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Ys
ysabel
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May 2011
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Ys [userpic]

Spawned by a conversation with my husband (fenton, who may make a poll of his own, he's playing with his new permanent account) and his sister (zylch, who doesn't (yet) have a paid account and so just has a post on the subject).

Hypothetical situation: You throw an annual holiday party for your colleagues, who range in age from 23 to near on retiring. This is the only social event that you host/attend in a given year (no, not even having friends over for dinner or movies). You have two children whose ages range from 3 to 10 during the years that you do this.

ETA: It is generally polite to ask one way or another, when you're not the one hosting. In this poll I'm not talking about failing to ask or making blind assumptions, I'm asking, "What's the general cultural assumption/norm in your world?" At one point in the poll I made a comment about asking first; what I meant there was really something like, "It varies so much that I have to ask every time or I wouldn't know," or something along those lines, not "I ask to be polite." Just FYI.

Poll #511085 Parties and Children

How do you deal with your children during the party?

They're treated just like anyone else who's attending the party.
2(5.4%)
Allow the children to be present until their normal bedtime, at which point they are put to bed.
17(45.9%)
Feed them dinner early, present them briefly to your colleagues, and then send them to go play quietly in their rooms. (Think Sound of Music.)
3(8.1%)
Don't allow them to meet the guests at all. Demand that they play quietly in their rooms the whole time. If possible, pretend that they don't exist. (Think Harry Potter.)
1(2.7%)
Something else. (see below)
7(18.9%)

If not one of the above, how do you deal with it?

Do you expect the same basic convention when you go to a party someone else is hosting?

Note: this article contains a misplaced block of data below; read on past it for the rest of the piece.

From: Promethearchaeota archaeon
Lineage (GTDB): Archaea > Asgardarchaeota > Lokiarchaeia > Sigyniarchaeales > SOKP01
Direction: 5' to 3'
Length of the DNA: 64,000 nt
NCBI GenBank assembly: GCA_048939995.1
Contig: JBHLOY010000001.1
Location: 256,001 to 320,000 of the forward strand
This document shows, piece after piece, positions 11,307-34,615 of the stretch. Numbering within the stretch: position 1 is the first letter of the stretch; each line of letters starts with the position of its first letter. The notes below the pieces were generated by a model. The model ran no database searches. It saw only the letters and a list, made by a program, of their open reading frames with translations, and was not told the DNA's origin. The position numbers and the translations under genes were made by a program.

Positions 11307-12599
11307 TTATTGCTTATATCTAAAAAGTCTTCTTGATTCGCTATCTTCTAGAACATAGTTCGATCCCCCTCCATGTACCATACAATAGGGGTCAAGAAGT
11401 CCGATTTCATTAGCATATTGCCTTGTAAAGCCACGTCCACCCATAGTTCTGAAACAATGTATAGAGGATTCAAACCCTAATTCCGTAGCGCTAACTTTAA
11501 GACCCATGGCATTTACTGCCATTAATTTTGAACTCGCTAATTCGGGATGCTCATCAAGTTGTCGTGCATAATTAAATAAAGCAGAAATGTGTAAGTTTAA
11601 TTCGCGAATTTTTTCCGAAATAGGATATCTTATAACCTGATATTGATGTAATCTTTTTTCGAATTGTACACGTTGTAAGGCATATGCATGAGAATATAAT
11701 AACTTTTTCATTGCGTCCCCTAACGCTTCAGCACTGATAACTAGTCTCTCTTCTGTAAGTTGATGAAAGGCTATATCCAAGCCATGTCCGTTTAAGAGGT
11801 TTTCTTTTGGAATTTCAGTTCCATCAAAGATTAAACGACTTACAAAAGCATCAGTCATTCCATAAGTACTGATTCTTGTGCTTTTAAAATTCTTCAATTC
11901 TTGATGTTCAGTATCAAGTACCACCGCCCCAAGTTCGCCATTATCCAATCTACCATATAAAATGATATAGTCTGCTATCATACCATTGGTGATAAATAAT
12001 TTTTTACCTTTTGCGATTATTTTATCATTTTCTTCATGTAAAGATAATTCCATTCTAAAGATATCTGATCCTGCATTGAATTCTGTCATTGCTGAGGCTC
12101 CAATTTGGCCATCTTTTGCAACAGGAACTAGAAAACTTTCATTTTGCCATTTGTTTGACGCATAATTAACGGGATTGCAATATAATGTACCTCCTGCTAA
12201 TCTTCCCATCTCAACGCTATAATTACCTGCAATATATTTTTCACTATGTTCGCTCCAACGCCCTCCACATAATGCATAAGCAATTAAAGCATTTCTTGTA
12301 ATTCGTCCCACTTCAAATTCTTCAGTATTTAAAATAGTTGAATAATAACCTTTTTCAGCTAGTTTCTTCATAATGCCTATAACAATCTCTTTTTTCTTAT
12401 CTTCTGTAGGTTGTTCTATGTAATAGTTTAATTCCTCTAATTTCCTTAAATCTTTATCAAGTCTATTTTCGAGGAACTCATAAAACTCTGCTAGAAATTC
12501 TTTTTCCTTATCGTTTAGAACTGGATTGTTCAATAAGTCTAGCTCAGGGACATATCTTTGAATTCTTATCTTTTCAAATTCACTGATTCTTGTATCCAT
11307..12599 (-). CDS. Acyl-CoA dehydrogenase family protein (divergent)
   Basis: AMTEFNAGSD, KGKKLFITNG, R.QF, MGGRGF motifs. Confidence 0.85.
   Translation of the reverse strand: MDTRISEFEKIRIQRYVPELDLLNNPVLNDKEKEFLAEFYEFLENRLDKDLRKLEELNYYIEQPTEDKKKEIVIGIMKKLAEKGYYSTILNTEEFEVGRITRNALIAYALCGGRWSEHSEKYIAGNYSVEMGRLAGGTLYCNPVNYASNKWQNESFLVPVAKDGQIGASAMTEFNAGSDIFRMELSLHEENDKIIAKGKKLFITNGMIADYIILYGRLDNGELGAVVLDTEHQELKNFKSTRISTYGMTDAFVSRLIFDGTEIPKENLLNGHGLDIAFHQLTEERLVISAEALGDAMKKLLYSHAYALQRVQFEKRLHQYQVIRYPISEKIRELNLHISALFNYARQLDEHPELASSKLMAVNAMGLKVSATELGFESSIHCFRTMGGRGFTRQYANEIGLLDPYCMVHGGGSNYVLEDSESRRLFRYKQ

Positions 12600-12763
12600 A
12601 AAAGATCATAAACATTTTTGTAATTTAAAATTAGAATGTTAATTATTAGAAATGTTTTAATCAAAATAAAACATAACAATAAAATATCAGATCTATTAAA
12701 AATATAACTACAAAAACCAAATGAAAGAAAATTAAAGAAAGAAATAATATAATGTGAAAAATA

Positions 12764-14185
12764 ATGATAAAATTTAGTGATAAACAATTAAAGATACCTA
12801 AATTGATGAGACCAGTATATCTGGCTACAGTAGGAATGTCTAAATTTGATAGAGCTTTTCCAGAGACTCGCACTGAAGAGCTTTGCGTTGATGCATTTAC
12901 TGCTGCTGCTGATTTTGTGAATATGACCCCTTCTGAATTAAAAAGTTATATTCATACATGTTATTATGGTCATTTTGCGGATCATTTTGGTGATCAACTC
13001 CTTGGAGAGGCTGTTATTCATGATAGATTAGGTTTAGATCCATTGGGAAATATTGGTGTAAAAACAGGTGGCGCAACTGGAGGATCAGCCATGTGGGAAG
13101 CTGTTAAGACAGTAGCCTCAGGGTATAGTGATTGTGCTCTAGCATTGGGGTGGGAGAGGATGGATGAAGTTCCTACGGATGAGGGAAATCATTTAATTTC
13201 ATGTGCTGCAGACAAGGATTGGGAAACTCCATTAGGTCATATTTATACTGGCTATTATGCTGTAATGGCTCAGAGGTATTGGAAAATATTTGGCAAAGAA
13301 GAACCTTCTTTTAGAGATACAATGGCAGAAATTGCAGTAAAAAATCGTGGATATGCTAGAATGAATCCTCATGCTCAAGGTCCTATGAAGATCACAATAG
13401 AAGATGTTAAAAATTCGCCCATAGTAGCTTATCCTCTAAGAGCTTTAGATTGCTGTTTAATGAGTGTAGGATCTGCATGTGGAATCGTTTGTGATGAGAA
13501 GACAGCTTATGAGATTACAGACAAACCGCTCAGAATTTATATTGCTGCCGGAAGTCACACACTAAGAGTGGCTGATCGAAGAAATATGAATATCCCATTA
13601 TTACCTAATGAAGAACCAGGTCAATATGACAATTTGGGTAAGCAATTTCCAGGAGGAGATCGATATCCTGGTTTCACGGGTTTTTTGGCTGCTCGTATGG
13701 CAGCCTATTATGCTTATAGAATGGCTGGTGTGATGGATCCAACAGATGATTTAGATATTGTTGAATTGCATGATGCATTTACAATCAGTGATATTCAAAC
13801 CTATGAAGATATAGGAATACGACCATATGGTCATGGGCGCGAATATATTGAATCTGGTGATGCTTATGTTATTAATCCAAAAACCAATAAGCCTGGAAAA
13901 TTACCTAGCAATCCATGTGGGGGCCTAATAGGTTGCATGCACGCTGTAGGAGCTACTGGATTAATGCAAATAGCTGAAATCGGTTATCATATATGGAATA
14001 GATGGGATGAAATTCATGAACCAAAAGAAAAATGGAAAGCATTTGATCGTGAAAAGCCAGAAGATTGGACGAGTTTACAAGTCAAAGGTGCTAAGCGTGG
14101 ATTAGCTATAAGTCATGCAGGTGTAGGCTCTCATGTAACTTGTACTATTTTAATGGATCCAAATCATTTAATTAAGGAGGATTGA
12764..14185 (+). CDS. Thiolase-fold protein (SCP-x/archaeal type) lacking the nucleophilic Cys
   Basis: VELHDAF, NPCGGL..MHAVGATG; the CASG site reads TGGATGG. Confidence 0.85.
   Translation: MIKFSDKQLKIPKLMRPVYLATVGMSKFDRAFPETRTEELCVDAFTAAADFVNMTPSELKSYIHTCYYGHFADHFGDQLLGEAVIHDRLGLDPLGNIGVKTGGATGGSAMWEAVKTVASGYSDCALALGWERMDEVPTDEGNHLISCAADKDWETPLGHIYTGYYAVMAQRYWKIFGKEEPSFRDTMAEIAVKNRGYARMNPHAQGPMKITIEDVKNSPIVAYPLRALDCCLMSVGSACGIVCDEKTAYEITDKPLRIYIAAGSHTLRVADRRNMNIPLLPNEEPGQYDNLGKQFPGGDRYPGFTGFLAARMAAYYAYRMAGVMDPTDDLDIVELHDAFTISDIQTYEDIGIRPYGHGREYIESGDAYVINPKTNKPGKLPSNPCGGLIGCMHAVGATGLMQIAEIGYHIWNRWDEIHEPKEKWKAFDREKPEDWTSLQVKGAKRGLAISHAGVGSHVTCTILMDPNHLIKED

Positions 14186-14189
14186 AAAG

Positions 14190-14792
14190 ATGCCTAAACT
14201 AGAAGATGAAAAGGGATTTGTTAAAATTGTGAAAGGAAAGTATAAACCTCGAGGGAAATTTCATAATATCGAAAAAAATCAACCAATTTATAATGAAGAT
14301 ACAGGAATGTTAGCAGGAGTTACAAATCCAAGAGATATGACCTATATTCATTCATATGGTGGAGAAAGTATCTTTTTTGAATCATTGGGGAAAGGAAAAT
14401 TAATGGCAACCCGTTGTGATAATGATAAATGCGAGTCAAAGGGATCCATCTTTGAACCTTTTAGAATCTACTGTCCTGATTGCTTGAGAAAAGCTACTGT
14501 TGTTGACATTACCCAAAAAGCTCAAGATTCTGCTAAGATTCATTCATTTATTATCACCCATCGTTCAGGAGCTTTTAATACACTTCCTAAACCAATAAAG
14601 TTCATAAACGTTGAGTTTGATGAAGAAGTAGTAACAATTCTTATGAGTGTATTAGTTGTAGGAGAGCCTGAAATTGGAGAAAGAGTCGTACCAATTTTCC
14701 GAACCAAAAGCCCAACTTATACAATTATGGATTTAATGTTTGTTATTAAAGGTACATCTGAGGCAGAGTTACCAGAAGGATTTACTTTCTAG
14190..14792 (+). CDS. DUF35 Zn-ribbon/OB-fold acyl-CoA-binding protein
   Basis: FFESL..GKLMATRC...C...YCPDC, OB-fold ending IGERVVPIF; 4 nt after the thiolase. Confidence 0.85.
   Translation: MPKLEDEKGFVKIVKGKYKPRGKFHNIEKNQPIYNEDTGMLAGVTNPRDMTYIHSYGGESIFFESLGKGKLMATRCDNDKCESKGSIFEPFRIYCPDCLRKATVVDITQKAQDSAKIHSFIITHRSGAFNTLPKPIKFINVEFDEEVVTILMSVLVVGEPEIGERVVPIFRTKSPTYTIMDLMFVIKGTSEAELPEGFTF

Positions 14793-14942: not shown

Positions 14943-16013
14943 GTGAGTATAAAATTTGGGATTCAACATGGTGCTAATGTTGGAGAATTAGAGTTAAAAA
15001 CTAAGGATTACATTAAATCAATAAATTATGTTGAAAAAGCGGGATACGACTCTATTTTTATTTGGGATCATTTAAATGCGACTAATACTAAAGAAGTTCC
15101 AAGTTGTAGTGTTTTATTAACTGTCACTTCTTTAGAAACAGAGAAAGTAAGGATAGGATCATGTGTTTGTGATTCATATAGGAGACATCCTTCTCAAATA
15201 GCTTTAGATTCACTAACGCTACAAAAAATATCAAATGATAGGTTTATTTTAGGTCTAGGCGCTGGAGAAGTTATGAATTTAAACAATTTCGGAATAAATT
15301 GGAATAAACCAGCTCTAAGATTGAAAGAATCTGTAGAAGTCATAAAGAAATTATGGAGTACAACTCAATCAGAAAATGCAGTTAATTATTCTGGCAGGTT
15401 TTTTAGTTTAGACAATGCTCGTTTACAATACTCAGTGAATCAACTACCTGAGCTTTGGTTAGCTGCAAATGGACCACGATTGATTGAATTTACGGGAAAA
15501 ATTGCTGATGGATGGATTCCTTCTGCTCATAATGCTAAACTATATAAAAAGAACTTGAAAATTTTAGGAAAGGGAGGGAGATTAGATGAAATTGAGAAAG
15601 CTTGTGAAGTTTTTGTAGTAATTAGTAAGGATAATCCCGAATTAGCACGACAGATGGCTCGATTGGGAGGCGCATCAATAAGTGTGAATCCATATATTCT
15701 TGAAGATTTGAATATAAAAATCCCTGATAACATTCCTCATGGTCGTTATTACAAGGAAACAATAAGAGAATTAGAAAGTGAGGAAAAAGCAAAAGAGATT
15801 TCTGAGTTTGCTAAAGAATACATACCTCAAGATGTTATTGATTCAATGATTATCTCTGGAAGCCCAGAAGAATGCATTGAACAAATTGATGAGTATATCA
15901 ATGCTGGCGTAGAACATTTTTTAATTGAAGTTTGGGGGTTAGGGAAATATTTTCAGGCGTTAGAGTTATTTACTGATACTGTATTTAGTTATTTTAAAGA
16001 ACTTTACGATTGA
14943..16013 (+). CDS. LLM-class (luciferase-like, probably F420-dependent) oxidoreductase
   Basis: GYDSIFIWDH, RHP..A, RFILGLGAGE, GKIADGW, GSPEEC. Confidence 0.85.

Yes
11(29.7%)
Yes, but I ask first because it varies in my social group
13(35.1%)
No, most of the parties I go to have different standards
5(13.5%)
Something else. (see below)
7(18.9%)

Other parties-and-children expectations:

If you have kids, do you expect to bring them with you to most parties? Do you expect other people to bring their kids to most parties you go to?

Yes, it's rare that I go to a party where children aren't expected
6(18.2%)
Yes, but there are generally arrangements made there for the kids seperate from the adults
6(18.2%)
No, parties are for getting away from the kids
7(21.2%)
Something else. (see below)
12(36.4%)

Yet more other parties-and-children expectations:

Do these expectations change significantly in your mind based on whether the party/gathering is "formal" or "informal"? (For these purposes, assume "formal" means "the most formal thing I ever bother to go to/host"...if you don't ever go to White Tie dinners, then don't answer as to what you would expect there. This is about what you generally do/assume/experience.)

Yes, very different assumptions between formal and informal gatherings
19(54.3%)
Only subtle or occasional differences
6(17.1%)
No, not really all that different
7(20.0%)
Something else. (see below)
2(5.7%)

What else about formality?



I'm sure I forgot some important bits. Feel free to tell me in comments.

Current Mood: curiouscurious
Comments

Do you know that they reviewed the menu? I wouldn't have bothered to try and if I had, would not have probably read through the justifications for ratings.

"You would be wrong..."

I do not mean you would be dissapointed millions of times about the issue of kids welcomness based on certain word combinations. I mean that the entire genre of "manner rules" that are presumed obvious are guarenteed dissapointments eventually with someone, somewhere. I am not saying my kid assumptions are "standard". I am saying that there is no such thing as a homogeneous 100% of the time reaction to anything when it comes to human behavior, and that I can promise for every manner rule anyone on this planet has, there is at least one person who totally is ignorant of the rule. Therefore in my life it is insane to bother to be annoyed that they didn't share my rule instead of just confronting and resolving the issue going forward.